Holiday Gift Ideas for That `Significant Other'
Every year around Christmas, most students who play the Secret Santa game find themselves in possession of too many 2 oz. bottles of Grand Marnier, little trinkets from Urban Outfitters, singing telegrams and other non-utilitarian presents. In computer lingo, those are B-O-R-I-N-G.
So this Christmas, the Happy Hacker thought he'd lend a hand to holiday shoppers with a few computer-related gift ideas.
Actually, if you're giving to a real computerphile, give non-computer gifts. (People like the Happy Hacker already spend too much time in front of the computer screen.) Buy them something social--a gift certificate to Steve's or tickets to a show.
But for a computer-related gift, here are a few suggestions relayed via satellite from Santa's North Pole helpers:
First Gift Idea: Reems of Paper
Computer paper ($8-$25) is a safe staple in demand by letter-writers and thesis compilers alike. Fanfold paper is available in various sizes, though most writers prefer 9 1/2 x 11 paper since the sides rip off to make it 8 1/2x 11. Paper comes in various quantities, depending on how much you're willing to spend.
Second Gift Idea: Dust Covers
Another relatively inexpensive gift is a dust cover to help keep a computer from collecting nasty particles floating around a dorm room. Dust covers ($10-$40, depending on its size and shape) are designed to fit specific computer models, printers and monitors--so it's important to know what brand and model you are trying to purchase for.
Third Gift Idea: Surge Suppressors and Line Filters
Line filters and surge suppressors ($30-$90) help take the inconsistency out of Harvard's power lines. Most computer owners could benefit from any one of these goodies, especially if they live near any large-appliances, such as laundry machines, refrigerators or even toaster-ovens.
Unsuspecting undergraduates who own a surge protector will never know if at any moment their paper was just saved from voltage destruction.
Fourth Gift Idea: Software
Although software is a terrific present, most software is expensive (at least $100) and should only be given to people who have expressed a specific need. Computer users tend to prefer one software package over another, and it's best to ask before buying. While it is possible to buy someone any brand of surge suppressor, the Happy Hacker does not recommend giving just any spelling checker or database program without first checking on the user's needs and preferences.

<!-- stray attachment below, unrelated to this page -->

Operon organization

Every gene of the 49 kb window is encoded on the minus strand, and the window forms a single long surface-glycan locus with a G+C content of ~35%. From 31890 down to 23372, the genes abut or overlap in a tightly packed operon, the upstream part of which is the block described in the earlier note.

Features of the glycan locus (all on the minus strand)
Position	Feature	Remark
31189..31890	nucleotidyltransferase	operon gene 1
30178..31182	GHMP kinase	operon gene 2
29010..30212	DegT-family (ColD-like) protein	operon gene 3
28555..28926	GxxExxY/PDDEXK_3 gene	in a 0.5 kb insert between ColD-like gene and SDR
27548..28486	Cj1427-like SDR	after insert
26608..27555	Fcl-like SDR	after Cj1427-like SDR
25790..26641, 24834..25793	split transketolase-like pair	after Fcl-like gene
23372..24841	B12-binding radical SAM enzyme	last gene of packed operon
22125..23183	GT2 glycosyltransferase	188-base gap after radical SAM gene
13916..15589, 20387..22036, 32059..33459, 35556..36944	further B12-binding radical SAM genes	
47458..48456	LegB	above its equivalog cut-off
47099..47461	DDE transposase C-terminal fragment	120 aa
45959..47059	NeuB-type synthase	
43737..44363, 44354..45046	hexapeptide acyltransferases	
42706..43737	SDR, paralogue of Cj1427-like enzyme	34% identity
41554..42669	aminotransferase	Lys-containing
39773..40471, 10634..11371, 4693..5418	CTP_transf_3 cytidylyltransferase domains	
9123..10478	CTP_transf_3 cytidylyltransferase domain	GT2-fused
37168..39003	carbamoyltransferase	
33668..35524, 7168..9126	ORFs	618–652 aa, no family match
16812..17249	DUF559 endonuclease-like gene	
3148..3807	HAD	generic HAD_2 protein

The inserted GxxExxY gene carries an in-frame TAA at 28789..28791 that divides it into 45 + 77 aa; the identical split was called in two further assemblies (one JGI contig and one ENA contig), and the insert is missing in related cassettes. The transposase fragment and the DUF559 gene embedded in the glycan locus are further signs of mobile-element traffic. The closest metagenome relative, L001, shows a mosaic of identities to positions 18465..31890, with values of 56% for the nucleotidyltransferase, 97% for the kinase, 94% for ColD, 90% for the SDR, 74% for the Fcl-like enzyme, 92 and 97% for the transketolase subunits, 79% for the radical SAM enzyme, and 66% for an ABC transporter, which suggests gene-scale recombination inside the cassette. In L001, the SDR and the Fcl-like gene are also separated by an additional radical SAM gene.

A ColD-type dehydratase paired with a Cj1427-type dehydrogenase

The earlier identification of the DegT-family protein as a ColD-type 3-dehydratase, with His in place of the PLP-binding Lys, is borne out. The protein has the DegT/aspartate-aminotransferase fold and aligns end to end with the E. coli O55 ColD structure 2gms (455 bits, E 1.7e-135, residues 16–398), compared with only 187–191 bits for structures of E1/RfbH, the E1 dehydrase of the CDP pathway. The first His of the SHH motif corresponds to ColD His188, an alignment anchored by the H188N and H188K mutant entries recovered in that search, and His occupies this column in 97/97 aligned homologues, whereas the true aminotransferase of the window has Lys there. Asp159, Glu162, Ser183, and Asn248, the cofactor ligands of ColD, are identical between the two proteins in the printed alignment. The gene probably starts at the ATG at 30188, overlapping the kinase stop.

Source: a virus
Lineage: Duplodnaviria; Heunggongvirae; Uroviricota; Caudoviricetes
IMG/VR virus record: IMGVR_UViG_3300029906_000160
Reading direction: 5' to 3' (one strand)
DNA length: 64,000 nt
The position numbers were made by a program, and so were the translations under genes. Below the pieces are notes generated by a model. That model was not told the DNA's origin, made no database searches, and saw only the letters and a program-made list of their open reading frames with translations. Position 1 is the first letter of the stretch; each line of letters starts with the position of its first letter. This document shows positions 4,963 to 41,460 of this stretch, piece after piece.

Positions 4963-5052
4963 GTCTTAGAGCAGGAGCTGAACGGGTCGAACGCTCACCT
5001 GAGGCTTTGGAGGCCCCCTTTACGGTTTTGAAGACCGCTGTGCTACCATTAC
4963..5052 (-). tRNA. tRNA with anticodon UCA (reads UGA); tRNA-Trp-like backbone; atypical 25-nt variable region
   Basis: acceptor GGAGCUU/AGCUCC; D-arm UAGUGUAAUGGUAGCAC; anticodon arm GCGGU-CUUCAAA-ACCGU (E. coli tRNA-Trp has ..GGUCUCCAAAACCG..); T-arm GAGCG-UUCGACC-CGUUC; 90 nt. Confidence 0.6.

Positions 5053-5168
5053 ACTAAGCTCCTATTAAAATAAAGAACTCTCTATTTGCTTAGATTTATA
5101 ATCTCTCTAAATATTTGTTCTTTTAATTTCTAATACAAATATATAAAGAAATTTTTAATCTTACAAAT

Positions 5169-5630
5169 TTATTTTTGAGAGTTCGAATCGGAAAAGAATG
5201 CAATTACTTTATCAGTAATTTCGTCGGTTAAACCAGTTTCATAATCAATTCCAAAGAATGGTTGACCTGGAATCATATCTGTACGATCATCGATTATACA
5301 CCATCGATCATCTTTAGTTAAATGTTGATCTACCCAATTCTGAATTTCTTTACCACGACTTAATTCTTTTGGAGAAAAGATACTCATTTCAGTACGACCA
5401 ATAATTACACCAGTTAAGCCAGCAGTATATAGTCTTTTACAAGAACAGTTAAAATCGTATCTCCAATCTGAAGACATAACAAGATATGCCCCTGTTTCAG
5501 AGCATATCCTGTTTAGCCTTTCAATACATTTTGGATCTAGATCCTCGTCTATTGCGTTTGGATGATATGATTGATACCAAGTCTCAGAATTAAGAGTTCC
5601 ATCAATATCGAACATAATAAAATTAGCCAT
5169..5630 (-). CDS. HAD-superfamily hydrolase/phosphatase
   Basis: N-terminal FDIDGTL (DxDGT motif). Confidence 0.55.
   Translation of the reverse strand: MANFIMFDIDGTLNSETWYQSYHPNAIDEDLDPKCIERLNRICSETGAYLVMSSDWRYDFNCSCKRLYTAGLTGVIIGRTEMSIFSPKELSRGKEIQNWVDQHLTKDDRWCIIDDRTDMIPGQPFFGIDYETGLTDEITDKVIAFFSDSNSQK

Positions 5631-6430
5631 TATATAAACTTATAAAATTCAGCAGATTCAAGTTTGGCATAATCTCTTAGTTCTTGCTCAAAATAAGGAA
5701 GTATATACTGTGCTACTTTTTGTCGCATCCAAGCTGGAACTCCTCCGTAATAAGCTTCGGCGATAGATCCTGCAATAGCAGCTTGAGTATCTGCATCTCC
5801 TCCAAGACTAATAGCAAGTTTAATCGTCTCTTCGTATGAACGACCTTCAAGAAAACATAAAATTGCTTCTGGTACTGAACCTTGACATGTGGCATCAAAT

Fifth Gift Idea: Disk Drive Cleaners
Another nifty stocking stuffer is a disk drive cleaner ($5-$15), a handy little device to keep someone's disk drive reading loud and clear. Basically, a special disk is inserted into the disk drive, and it uses its non-abrasive cleaner to clean the read-write head.
Sixth Gift Idea: Disk Storage Boxes
Every computer owner has a collection of disks, and few have a convenient way to organize them. Diskette carriers and boxes, varying from simple plastic ($5) to fancy wood ($75), efficiently store anywhere from five to 150 disks.
Seventh Gift Idea: Blank Disks
Just like students and spiral notebooks, computer owners will always need disks ($1-$3 each). Once again, before buying a set, make sure they are compatible with the computer in question. It's important to confirm with a salesman that certain disks will work with a specific computer.
Eight Gift Idea: Mouse Pads and Feet
Macintosh owners without a convenient surface to slide their mouse over, will certainly appreciate a mouse pad ($10). This handy rubber (or synthetic) slab helps keep the mouse moving smoothly, and prevents dust from accumulating on the mouse's main moving part. Also useful for mouse improvement is a new set of the little teflon feet on each corner of the mouse ($3) they will also improve the mouse's glide, whether on a special pad or just a desktop.
Ninth Gift Idea: Computer Books
Regardless of your computer proficiency, computer books at Christmas are right up there with socks and underwear: you can't beat 'em for practicality.
For new owner, The Apple Macintosh Book ($19.95) by Cary Lu provides several helpful hints on using a Mac. More sophisticated and artistically minded users would probably love a copy of the witty and philosophical Zen and the Art of the Macintosh (16.95). Perhaps a how-to guide to Lotus 1-2-3 or Database III would be appropriate for a senior doing a quantitative thesis. For those addictive hackers who eat, sleep and read computers, Hackers ($4.50) by Steven Levy is a fun account of famous and infamous computer heros. The Soul of a New Machine ($3.95) by Tracy Kidder is also enjoyable reading, even for the computer neophyte. If someone is looking to buy a computer, John Bear's Computer Wimp ($9.95) has a great deal of Happy Hacker advice.
Tenth Gift Idea: The Secret Weapon
If none of the above sounds appealing, alcohol is also a useful item in weaning computer weanies away from their terminals. Start with a mild of fering such as Bailey's Irish Cream. For hackers already in the cold turkey process, something harder, Stolichnaya 100 proof vodka may be best.
As for the Happy Hacker's holiday wish list, I'd just as soon get a singing telegram, two pound bag of caramel popcorn, or a candy cane. Of course, a laserprinter under the Christmas tree wouldn't be so bad either.